Home Cameras/Lenses Leica Will there be a Pixii at the bottom of your garden?

Will there be a Pixii at the bottom of your garden?

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With no external storage, the Pixii relies on a cable connection for file transfer and charging. However, Bluetooth connection ensures that images to straight to your smartphone as they are taken.

The long-rumoured Pixii M-mount camera is here and you can order one today. It has a screenless body with an APS-C crop sensor and adopts a minimalist approach that will appeal particularly to the traditional M user.

Above all other considerations, it is the native M-mount which will sell this camera. There is no need for expensive adapters, saving both cash and up to 300g of weight. More to the point, though, the absence of an adapter removes bulk and means that this small body will perfectly match Leica’s compact lenses. Imagine the Pixii with Leica’s smallest lens, the 28mm Summaron, attached. I can appreciate that immediately.

Minimalist controls, a useful status screen and a compact body make for a neat combination with smaller M lenses (all images from the Pixii website)
Minimalist controls, a useful status screen and a compact body make for a neat combination with smaller M lenses (all images from the Pixii website)

Simplicity

The camera appears to be well designed, with a degree of simplicity clearly aimed at the traditional M user. It features a true rangefinder focus system, apparently very similar to that in Leica models. However, the manufacturers place great emphasis (perhaps too much emphasis) on integration with smartphones. Images are transmitted to your phone immediately but you can transfer RAW files later if you wish.

With no external storage, the Pixii relies on a cable connection for file transfer and charging. However, Bluetooth connection ensures that images to straight to your smartphone as they are taken.
With no external storage, the Pixii relies on a cable connection for file transfer and charging. However, Bluetooth connection ensures that images to straight to your smartphone as they are taken.

This is a camera that is designed specifically to work with your smartphone and you are expected to use the phone as a primary interface. Nevertheless, there is always a mismatch in my mind between rangefinder camera and smartphones. Rangefinder users typically prefer a more analogue approach to photography.

Reinforcing this reliance on external electronic support is the lack of removable storage. This is perhaps the major flaw and, for many, it will be a dealbreaker. Instead, the Pixii makes do with internal storage of 8GB or 32GB, although a cheaper launch model will offer just 4GB. I think many potential buyers, attracted primarily by the direct compatibility with M lenses, will be disappointed by this reliance on smartphone integration. It’s a pity and it’s hard to understand why an SD card slot couldn’t have been integrated.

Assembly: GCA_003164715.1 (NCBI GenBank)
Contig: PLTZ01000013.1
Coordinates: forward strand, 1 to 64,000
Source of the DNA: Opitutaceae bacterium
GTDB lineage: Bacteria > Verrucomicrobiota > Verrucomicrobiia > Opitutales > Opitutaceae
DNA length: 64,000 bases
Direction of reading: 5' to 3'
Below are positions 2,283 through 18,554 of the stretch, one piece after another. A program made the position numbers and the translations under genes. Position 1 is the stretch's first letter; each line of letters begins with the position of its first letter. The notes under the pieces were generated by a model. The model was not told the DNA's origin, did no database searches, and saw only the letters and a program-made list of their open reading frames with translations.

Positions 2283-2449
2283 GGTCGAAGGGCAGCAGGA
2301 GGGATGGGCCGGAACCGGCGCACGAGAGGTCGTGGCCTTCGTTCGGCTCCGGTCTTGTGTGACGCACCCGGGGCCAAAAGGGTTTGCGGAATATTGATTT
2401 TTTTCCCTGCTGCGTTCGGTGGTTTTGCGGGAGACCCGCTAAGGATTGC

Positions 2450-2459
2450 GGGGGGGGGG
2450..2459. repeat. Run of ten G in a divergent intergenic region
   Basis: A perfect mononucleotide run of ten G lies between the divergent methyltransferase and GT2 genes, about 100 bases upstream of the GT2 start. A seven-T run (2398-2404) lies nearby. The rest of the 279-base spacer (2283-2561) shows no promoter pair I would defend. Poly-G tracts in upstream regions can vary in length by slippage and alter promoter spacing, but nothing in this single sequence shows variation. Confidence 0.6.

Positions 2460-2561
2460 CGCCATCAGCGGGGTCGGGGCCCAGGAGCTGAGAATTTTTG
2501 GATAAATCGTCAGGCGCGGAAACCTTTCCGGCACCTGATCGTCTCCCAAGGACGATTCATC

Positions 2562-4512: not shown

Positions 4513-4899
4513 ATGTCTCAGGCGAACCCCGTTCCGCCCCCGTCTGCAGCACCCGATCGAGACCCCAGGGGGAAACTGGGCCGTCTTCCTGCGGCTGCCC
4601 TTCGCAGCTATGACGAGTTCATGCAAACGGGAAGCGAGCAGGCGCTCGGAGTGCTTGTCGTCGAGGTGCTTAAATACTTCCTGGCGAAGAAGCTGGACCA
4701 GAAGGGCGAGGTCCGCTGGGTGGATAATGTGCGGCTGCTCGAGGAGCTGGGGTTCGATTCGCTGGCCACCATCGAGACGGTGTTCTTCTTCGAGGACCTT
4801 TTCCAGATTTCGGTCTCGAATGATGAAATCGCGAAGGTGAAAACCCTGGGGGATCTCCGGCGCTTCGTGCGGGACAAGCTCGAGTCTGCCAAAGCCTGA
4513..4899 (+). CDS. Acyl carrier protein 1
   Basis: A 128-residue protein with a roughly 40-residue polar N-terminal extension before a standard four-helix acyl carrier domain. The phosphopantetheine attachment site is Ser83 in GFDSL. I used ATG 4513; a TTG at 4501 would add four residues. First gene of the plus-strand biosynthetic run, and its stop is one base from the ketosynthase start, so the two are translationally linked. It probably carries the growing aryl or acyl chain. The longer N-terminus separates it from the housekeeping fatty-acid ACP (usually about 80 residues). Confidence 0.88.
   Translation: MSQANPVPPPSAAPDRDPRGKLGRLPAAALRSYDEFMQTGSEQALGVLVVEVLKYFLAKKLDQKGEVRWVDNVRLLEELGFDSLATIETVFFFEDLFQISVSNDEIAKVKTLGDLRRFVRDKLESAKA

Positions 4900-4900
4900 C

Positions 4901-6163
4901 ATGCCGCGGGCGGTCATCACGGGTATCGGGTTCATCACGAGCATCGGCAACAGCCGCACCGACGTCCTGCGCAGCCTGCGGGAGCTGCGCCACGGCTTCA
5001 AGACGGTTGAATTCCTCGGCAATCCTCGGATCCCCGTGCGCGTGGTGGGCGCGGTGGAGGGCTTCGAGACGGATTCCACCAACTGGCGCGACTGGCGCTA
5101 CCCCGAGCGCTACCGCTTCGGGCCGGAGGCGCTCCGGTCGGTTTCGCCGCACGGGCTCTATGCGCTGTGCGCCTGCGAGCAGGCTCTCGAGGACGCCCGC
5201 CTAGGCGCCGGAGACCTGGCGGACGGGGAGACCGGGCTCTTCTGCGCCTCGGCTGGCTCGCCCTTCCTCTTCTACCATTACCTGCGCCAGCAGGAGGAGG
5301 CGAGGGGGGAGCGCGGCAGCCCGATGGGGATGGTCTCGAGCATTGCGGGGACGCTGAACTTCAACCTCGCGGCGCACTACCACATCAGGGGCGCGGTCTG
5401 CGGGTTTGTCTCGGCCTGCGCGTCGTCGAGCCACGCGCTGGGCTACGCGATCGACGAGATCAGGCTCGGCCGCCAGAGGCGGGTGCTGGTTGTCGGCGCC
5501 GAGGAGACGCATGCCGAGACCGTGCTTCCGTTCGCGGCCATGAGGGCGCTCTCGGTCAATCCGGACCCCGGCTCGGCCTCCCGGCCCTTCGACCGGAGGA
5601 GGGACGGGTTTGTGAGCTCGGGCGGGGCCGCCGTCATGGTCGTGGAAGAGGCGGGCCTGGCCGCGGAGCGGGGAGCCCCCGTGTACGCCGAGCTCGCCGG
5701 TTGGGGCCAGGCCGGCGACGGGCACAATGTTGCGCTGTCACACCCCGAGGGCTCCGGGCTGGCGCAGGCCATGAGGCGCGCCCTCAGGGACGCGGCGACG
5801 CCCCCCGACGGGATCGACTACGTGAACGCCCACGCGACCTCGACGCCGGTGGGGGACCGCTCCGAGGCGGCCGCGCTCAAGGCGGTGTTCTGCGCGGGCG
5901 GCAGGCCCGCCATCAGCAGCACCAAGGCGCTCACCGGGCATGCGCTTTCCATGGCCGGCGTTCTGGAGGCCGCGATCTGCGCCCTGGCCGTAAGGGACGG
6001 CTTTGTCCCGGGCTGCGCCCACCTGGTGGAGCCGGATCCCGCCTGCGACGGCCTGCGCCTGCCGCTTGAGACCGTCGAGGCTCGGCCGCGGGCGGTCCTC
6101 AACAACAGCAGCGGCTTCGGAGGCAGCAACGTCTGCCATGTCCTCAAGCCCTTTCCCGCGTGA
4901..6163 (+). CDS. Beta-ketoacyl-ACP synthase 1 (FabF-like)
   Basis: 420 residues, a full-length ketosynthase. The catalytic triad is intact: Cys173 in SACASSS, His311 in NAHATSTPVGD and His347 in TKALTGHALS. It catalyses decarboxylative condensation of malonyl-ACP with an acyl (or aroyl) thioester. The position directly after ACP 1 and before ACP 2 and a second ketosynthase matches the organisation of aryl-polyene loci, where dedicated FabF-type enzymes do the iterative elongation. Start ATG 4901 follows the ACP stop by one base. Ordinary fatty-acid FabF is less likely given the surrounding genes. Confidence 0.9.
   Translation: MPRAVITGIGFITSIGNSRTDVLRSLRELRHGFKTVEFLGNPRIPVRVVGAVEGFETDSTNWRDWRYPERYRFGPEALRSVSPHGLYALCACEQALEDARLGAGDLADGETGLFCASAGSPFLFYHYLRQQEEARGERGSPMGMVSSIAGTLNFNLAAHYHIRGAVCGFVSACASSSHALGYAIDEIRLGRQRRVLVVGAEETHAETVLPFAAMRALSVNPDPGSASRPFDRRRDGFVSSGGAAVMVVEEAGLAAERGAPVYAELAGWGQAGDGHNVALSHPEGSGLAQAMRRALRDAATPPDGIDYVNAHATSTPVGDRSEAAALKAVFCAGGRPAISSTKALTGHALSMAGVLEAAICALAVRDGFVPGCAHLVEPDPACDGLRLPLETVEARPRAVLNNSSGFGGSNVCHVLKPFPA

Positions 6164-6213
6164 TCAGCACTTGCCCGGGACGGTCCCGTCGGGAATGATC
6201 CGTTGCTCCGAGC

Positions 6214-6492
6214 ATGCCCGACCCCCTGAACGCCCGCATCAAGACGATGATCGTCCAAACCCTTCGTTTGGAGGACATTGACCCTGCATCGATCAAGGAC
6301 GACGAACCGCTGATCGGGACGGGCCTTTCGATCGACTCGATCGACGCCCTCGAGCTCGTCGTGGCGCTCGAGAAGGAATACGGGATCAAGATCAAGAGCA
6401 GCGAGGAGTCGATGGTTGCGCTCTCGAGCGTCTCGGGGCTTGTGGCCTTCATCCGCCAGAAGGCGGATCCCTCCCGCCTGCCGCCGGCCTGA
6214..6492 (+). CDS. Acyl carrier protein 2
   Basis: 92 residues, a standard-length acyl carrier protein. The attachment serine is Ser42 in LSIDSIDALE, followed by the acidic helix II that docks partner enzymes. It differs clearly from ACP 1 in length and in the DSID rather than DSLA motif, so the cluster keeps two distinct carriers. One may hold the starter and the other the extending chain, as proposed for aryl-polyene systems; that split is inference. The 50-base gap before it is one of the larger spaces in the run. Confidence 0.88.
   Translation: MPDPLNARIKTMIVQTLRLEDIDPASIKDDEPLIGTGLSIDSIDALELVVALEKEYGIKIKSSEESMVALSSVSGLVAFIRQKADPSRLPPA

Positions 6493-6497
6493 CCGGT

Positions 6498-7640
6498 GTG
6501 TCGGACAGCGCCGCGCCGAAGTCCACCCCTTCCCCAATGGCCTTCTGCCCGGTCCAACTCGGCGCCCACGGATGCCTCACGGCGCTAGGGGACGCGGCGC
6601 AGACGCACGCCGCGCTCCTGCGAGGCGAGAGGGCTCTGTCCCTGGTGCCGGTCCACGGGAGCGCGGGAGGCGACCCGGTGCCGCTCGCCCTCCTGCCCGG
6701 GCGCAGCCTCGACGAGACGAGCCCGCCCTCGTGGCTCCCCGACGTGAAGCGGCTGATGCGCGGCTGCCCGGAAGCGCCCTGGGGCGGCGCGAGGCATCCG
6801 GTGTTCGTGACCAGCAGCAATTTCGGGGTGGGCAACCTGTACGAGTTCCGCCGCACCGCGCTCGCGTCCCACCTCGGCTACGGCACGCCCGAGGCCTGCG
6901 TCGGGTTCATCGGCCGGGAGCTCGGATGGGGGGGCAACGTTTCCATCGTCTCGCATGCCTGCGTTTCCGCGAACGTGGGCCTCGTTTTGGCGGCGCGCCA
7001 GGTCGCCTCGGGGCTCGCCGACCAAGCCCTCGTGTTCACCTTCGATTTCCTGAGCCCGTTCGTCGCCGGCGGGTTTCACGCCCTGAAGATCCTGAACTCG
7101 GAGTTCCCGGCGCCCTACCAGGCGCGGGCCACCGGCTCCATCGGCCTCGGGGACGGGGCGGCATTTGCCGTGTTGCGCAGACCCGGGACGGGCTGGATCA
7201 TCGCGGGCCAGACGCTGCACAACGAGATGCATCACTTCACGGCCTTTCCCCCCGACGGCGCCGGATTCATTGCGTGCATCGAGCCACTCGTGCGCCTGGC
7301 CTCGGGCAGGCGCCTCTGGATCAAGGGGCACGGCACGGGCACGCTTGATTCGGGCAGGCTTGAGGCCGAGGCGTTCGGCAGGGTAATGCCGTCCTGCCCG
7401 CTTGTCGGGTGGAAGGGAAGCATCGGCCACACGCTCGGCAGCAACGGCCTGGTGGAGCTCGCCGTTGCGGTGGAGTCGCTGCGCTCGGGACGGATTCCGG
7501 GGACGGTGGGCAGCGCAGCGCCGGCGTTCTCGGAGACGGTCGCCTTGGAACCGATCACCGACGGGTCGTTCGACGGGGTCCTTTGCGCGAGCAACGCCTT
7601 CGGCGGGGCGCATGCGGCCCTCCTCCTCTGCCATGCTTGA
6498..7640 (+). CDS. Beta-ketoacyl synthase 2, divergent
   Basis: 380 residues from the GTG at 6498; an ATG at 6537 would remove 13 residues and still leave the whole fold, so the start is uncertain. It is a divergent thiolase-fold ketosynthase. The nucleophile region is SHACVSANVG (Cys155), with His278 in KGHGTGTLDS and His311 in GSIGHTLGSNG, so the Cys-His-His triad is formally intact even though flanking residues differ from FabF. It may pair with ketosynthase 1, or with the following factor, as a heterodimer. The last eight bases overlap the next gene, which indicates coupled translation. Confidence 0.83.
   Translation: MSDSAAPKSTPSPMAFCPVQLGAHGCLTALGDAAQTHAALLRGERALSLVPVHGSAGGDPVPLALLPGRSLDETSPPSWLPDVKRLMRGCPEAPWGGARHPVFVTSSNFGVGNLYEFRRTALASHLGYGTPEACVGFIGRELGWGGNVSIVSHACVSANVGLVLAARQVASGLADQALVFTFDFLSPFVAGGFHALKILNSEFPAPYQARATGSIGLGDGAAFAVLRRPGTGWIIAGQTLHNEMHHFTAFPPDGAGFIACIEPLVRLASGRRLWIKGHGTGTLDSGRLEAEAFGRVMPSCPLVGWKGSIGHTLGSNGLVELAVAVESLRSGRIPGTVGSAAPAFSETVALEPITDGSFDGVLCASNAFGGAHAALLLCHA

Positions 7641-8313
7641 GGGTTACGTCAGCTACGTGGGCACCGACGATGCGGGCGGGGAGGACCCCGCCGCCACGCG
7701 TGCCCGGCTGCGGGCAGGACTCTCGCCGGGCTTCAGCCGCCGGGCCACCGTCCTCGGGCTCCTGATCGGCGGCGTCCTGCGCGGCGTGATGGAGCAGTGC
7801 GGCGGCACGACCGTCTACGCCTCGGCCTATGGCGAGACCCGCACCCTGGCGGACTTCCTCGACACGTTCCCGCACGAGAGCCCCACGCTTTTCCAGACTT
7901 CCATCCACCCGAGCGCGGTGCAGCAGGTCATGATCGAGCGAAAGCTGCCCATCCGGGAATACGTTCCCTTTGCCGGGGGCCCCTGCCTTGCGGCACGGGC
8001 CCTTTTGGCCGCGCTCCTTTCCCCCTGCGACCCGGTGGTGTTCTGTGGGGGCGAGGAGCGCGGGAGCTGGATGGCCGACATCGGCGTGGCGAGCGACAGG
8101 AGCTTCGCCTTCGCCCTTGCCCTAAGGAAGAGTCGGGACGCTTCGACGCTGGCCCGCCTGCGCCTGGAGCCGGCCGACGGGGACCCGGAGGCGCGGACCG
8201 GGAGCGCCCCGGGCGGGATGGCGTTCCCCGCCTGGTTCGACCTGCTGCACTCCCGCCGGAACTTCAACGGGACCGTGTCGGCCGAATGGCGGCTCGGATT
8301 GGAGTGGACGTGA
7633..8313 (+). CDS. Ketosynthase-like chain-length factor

M10-D market

In many ways, this camera appeals to the same market as the Leica M10-D, although Leica takes an entirely different approach to usability, emphasising the practical simplicity and playing down the smartphone connection. Yet we have to face the fact that the M10-D is a niche product for Leica and I sometimes wonder if it makes commercial sense.

The M10-D is a camera that can be used very effectively in isolation. That’s how I regard it, as a sort of digital film device. Smartphone connectivity is available via the FOTOS app, but as an M10-D owner, I use FOTOS only for camera set-up purposes. Basically, that means that in all the time I’ve owned the M10-D I have used FOTOS maybe a couple of times.

With the Pixii, however, you’d better get used to using your smartphone as a necessary adjunct to the camera. I don’t think I could accept that.

The rangefinder itself, though, is intriguing:

Pixii is equipped with a high precision optical device connecting the lens and the viewfinder. A small mechanical wheel precisely senses the advance of the lens optical group. It translates the movement of the lens into a subtle displacement of the rangefinder image projected onto the viewfinder. You can measure any distance between a nearby object at 70cm up to the moon distance, close to infinity. The distance conversion ranges from less than 4mm at the back of the lens into a tiny millimetre change inside the rangefinder. The resolving power of your eye does the rest.

Familiar framelines but, as this example, tailored to the specific lens rather than adopting Leica's trio of doubed-up lines.
Familiar frame-lines, apparently tailored to the specific lens rather than adopting Leica’s trio of twin lines. Frames are available for 28mm, 35mm, 40mm and 50mm lenses

Despite some reservations about the market for such a camera, the Pixii does tick two important boxes. First, it needs no adapters; second, it is a rangefinder. I think it will find a niche market, although hard-headed enthusiasts will say that the TL or CL can do a similar job at less cost, even with the disadvantage of having to use an adapter. Nor should we forget that some users actually prefer an electronic viewfinder to the rangefinder, particularly those with ageing eyesight.

A crop too far?

When this Pixii was first mooted a couple of years ago, it never occurred to me that it wouldn’t have a full-frame sensor. The crop sensor with an odd density of 12MP is, therefore, something of a disappointment, especially for lovers of wide-angle photography who may not currently own ultra-wide lenses.

For most people, with their 28mm Elmarits or 35mm Summicrons, the 1.5x crop factor is going to be a problem. To get their favourite focal lengths they will have to invest in ultra-wide M-mount lenses. However, on the other side of the coin, standard 35mm and 50mm M lenses take on a new and potentially useful guise as 50s or 75s.

Another curiosity about the Pixii is the all-electronic shutter. This, again, is something that might not release the creative juices of a typical rangefinder enthusiast.

The 8GB Pixii will sell direct for €2,900 (£2,625, $3,275). I can see no price listed for the 32GB version, but the limited launch edition, with its 4GB internal storage, is listed at €2,700 (£2,440, $3,050). These prices do not include tax, so European buyers can add 20 percent.